The cancellation emails started arriving last Wednesday. Openings were called off and galleries announced they would operate on an appointment-only basis, if at all. By Thursday evening, many prominent museums had announced closures, with few offering even tentative reopening dates. Cinemas, theaters, and concert halls went dark. As governors and mayors around the country contemplate shelter-in-place orders for citizens, the cultural sector is already shut down.
Much of what has been lost can’t be quantified: poetry readings that will never happen, long-planned performances postponed indefinitely, solo exhibitions the public will never see. Some of this disappointment will be mitigated by the virtual presentations that curators are racing to prepare. The closures could be also short-lived; museums in China are already starting to operate again. The artists and performers affected by an immediate loss of income will benefit from some of the stimulus funds that Congress is likely to release, and some galleries could take advantage of measures designed to protect small businesses of all kinds, including bookstores, restaurants, and bars. Mutual aid funds, like the one set up for cinema workers in New York, have helped furloughed employees through the first week of this crisis.
But these measures are inadequate to address the longer-term economic impact of the pandemic. Things are going to get worse. The art world as it existed as of February 2020 won’t come back. It’s time to formulate a bailout that can sustain artists and culture workers in the short term while laying plans to rebuild cultural infrastructure for a sustainable future.
The pandemic has revealed weak points across society: in our patchwork healthcare system, in our social safety, and in our federal crisis management capacity. There’s no reason to believe that the system of private philanthropy on which the art world has come to rely will prove more resilient. Cultural funding is contingent on the wealthiest citizens, and we’re witnessing a potentially vast decimation of wealth.
Many of the institutions that support artistic production—both for-profit and nonprofit—are precarious in the best of times. Short-term closures combined with an extended demand shock could wipe out the small and midsize art galleries that have played a vital role in nurturing emerging artists and accelerate the consolidation of the commercial trade around a small number of large dealers.
Artists, and the institutions that provide them with platforms, are now facing the worst economic circumstances since the Great Depression. This comparison sounds bleak, but it should also offer hope. In the 1930s, artists pushed the government to create support structures robust enough to counter the economic crisis. Rather than aim to keep a collapsing system alive, they sought to create a new and more equitable one.
Perceiving that formerly wealthy people were no longer able or willing to support the arts, the writer and curator Holger Cahill came up with an effective alternative: bolster a government agency that would give cash directly to artists. Cahill led the Federal Art Project, a New Deal initiative that worked in tandem with the Works Progress Administration. Through the FAP, thousands of artists received weekly payments of about $24, equivalent to $460 in today’s dollars. In return, they created easel paintings, worked on mural teams, and documented folk art and craft traditions around the country. Related programs catalyzed the creation of new public museums, like the Walker Art Center in Minneapolis.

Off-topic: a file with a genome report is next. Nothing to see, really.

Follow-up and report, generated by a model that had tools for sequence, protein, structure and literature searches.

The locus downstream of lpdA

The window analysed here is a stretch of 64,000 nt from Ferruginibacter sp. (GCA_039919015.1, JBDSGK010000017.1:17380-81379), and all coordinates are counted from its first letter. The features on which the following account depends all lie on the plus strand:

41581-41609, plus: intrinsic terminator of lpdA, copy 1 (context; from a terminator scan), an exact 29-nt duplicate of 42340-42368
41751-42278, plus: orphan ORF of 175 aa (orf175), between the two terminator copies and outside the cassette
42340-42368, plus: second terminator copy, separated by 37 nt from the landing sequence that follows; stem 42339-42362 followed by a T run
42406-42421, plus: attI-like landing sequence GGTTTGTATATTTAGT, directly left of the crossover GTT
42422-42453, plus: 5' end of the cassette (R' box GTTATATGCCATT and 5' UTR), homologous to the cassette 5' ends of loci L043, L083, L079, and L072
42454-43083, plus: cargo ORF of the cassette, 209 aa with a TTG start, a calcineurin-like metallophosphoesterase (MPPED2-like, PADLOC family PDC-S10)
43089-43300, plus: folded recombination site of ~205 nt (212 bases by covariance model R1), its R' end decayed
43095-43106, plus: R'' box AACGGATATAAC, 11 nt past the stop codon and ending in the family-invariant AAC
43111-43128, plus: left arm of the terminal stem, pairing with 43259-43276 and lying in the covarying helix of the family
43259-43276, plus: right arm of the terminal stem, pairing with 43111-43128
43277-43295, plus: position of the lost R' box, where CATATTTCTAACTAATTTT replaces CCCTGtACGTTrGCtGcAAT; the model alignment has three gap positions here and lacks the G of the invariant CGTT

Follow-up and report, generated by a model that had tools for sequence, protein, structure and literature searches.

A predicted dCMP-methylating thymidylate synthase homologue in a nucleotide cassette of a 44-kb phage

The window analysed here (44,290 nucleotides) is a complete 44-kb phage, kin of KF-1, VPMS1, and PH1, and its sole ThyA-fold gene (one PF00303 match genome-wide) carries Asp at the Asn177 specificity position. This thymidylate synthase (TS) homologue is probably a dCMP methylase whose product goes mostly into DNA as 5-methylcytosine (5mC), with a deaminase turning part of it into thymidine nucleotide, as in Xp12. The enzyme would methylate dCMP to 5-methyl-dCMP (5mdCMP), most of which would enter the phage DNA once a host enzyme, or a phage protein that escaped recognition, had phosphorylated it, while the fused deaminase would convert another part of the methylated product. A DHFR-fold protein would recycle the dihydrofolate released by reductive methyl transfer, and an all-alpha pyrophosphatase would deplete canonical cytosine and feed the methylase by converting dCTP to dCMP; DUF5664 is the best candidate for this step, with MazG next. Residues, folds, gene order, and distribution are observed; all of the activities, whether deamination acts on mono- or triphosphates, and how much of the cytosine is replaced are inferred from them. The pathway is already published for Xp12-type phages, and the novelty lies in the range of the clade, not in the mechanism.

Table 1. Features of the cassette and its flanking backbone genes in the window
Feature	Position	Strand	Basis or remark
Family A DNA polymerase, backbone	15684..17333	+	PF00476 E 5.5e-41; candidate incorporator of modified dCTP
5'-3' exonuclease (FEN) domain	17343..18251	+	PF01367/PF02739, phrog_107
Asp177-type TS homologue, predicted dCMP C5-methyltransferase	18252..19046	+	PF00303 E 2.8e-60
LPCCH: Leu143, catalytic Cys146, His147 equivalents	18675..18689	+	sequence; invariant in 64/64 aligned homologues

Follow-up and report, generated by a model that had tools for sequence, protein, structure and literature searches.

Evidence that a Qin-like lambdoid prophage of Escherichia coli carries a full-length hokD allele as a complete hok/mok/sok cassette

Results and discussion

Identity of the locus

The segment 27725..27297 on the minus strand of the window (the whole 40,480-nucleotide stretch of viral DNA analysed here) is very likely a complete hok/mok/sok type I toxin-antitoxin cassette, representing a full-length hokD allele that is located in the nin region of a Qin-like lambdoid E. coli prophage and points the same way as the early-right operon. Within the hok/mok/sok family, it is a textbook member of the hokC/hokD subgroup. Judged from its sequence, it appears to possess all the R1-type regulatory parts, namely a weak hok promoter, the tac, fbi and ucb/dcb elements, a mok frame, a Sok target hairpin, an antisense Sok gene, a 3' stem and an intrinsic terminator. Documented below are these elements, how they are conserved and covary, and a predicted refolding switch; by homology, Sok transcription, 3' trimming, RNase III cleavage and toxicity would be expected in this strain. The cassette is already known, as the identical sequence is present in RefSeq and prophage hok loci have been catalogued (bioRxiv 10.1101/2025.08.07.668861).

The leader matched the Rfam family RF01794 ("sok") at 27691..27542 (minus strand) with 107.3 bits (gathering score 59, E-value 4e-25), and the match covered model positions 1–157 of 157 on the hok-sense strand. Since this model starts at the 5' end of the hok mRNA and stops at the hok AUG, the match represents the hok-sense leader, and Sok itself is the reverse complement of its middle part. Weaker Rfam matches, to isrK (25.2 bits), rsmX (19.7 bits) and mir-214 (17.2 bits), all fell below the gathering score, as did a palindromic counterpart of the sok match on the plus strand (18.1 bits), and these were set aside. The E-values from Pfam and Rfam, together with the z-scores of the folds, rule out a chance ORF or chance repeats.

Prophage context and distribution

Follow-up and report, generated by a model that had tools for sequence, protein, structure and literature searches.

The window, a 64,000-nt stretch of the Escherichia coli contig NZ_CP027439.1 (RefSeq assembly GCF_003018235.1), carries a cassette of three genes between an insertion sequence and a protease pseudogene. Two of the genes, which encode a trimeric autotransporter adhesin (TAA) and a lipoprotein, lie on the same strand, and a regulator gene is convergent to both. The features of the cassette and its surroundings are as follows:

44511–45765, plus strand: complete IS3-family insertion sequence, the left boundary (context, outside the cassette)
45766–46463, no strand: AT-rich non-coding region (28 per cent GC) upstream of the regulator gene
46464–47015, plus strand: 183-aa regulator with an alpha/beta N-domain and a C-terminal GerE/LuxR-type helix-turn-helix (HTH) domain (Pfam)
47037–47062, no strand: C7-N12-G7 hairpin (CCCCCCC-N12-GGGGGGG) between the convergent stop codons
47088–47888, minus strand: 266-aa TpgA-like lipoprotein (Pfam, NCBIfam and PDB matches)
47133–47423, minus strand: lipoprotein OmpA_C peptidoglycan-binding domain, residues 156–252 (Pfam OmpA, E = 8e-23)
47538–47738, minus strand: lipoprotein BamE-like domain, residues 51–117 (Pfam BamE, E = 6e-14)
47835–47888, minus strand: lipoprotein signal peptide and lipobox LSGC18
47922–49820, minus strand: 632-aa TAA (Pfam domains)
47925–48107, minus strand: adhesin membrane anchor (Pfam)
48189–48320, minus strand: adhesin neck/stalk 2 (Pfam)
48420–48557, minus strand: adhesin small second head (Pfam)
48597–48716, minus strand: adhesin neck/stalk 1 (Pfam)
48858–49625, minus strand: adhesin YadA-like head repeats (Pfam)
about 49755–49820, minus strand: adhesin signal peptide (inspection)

Cahill perceived the Depression as an opportunity to realign the role of culture within society. He bemoaned the pre-crash understanding of art: “We have helped to push art from its honorable place as a vital necessity of everyday life and have made of it a luxury product intended for the casual enjoyment of jaded wealth. And wealth has practically stopped demanding the product.” As private demand lagged, his solution was to reimagine art as a public good.
The immediate short-term effect was to keep artists working, but over time it led to a major cultural flourishing. The Whitney Museum’s exhibition “Vida Americana: Mexican Muralists Remake American Art, 1925–1945” shows how the FAP laid the foundation for the great postwar rise of art in the United States. The major artists of the New York School all received support from FAP as they took aesthetic influence from their Mexican counterparts.
There are of course plenty of reasons to be wary of broad public support for the arts. Creative efforts often mix poorly with bureaucratic processes. During the Depression, many artists complained about the burdens of meeting FAP requirements. During the culture wars of the 1980s, the National Endowment for the Arts became a political football. But these experiences offer lessons to build on, not templates to replicate exactly. What FAP shows is that robust social support for artists and art centers succeeded within living memory.
As industries across the board line up for bailouts, it is time to assert culture as an essential industry and map out a role for the arts that would have seemed unimaginable weeks ago. A new Federal Art Project probably wouldn’t be devoted to mural painting, but it could offer an alternative to a flailing market and channel artworks into public collections. Museums, now supported through tax-deductible donations, could receive more direct public funding in exchange for offering free admission. Private markets and philanthropy will be changed on the other side of this pandemic, so it is time once again to envision what art looks like as a public good.